The minister never provided the whole story. In October 2017, I was invited to a conference organised by the Turkish National Police at the resort city of Antalya. Senior intelligence officers present said interior ministry’s records showed that 37 Indian had been caught by Turkish security for their links with ISIS and deported to India. These individuals were among the 75 persons the government counted in the Rajya Sabha. Off the record, Indian security agencies admitted that 30 of the 75 individuals belonged to the overseas Indian community. The rest were from India.

Almost 500 Indians are either in Syria/Iraq or recruited by ISIS to work from India. From Kerala alone about 100 people are suspected to have joined ISIS over the years.

The NIA has information about very few individuals suspected to be in Syria and Iraq. But there is absolutely no clarity on the real numbers that sneaked into Syria and Iraq and took part in the ISIS battles. The argument for a higher number is strong because ISIS is using social media as its recruitment tool. The use of social media by Indian radicals may be far higher than what is known to government agencies. Ahir also told the Rajya Sabha that “as per reports of the security agencies, educated youth got attracted to ISIS ideology through social media”.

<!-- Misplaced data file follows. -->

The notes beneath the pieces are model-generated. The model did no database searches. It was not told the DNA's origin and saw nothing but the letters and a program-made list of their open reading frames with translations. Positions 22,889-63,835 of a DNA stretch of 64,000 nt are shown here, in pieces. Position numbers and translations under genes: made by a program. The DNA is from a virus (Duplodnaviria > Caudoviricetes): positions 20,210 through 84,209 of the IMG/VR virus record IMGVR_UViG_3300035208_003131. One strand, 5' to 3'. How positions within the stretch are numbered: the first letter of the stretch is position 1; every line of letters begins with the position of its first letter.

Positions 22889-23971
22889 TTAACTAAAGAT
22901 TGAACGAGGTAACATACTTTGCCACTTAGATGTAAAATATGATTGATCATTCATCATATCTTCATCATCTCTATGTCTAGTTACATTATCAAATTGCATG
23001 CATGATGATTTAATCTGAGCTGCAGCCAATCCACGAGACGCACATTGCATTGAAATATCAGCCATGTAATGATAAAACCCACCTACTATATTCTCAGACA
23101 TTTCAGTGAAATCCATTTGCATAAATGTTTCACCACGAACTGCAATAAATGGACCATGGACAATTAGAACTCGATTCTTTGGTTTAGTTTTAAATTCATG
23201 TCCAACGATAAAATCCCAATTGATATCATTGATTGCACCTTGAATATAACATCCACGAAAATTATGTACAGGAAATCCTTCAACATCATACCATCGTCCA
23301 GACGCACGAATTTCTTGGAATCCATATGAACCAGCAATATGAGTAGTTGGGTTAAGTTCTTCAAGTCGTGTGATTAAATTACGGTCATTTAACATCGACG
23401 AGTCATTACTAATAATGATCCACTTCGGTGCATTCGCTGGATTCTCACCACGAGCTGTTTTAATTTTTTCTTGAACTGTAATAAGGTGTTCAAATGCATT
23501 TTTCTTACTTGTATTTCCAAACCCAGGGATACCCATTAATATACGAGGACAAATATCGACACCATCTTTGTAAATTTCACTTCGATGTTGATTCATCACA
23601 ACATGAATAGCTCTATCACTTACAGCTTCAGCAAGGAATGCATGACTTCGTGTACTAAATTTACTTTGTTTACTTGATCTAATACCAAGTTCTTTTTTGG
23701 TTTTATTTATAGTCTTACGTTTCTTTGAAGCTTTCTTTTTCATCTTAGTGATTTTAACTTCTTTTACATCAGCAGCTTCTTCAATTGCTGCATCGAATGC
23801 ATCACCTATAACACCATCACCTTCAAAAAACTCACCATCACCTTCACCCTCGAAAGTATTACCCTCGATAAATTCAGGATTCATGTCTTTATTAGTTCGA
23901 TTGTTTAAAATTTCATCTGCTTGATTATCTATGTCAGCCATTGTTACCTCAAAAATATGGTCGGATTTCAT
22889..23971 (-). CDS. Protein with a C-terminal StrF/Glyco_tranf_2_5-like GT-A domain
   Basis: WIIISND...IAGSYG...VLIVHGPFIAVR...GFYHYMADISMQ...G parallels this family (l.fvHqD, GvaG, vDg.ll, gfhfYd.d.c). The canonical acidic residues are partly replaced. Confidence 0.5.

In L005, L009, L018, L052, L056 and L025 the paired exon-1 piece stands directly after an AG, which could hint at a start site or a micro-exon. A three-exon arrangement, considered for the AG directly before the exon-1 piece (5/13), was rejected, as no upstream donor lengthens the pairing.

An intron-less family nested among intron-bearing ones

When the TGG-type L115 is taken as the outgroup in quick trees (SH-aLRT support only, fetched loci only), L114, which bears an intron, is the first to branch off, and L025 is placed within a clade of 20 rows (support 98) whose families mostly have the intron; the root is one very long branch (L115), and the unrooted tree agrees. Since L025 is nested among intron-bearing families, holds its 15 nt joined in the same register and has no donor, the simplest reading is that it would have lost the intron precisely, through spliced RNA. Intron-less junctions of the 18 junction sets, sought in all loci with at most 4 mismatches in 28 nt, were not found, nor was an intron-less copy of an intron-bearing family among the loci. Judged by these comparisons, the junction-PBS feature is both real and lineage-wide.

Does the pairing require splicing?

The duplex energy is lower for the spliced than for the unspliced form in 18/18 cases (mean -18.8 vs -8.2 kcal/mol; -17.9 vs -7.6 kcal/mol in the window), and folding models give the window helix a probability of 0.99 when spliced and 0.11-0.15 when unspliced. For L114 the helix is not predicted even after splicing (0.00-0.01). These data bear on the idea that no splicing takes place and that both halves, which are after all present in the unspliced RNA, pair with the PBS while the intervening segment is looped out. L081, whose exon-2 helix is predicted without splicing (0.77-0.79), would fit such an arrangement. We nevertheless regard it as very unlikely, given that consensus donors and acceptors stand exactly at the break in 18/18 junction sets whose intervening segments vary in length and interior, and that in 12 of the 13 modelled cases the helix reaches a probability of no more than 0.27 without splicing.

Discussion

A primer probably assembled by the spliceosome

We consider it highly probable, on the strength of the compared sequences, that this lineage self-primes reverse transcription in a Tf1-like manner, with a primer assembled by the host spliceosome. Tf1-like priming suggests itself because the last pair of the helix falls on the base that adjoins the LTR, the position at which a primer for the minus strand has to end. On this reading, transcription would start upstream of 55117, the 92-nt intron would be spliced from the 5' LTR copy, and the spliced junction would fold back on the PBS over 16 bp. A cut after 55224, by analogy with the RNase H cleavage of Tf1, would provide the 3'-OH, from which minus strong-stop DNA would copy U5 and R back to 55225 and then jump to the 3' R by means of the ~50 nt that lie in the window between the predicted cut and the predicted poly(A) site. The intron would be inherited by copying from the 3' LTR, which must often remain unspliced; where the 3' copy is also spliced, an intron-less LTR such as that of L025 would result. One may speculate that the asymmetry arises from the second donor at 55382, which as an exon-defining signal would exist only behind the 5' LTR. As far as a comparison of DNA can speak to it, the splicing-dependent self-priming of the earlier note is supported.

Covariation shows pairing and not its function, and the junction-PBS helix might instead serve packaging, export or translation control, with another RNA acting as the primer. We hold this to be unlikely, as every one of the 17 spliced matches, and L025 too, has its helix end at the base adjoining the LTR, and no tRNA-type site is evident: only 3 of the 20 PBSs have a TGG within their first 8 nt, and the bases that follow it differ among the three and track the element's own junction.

In October 2014, when ISIS was just starting to make a name for itself the General Officer Commanding of the Srinagar-based 15 Corps, Lt. Gen. Subrata Saha, admitted to the media that “ISIS possessed great ability to attract a large number of volunteers from Kashmir”. Three years later in November 2017, when security forces engaged three militants on the outskirts of Srinagar, one of them, Mugees Ahmed Mir, killed in the encounter, was wearing an Islamic State T-shirt. ISIS immediately claimed ownership of the attack but S. P. Vaid, director-general of Police, Jammu and Kashmir, reiterated that there were “no footprints of ISIS in Kashmir”.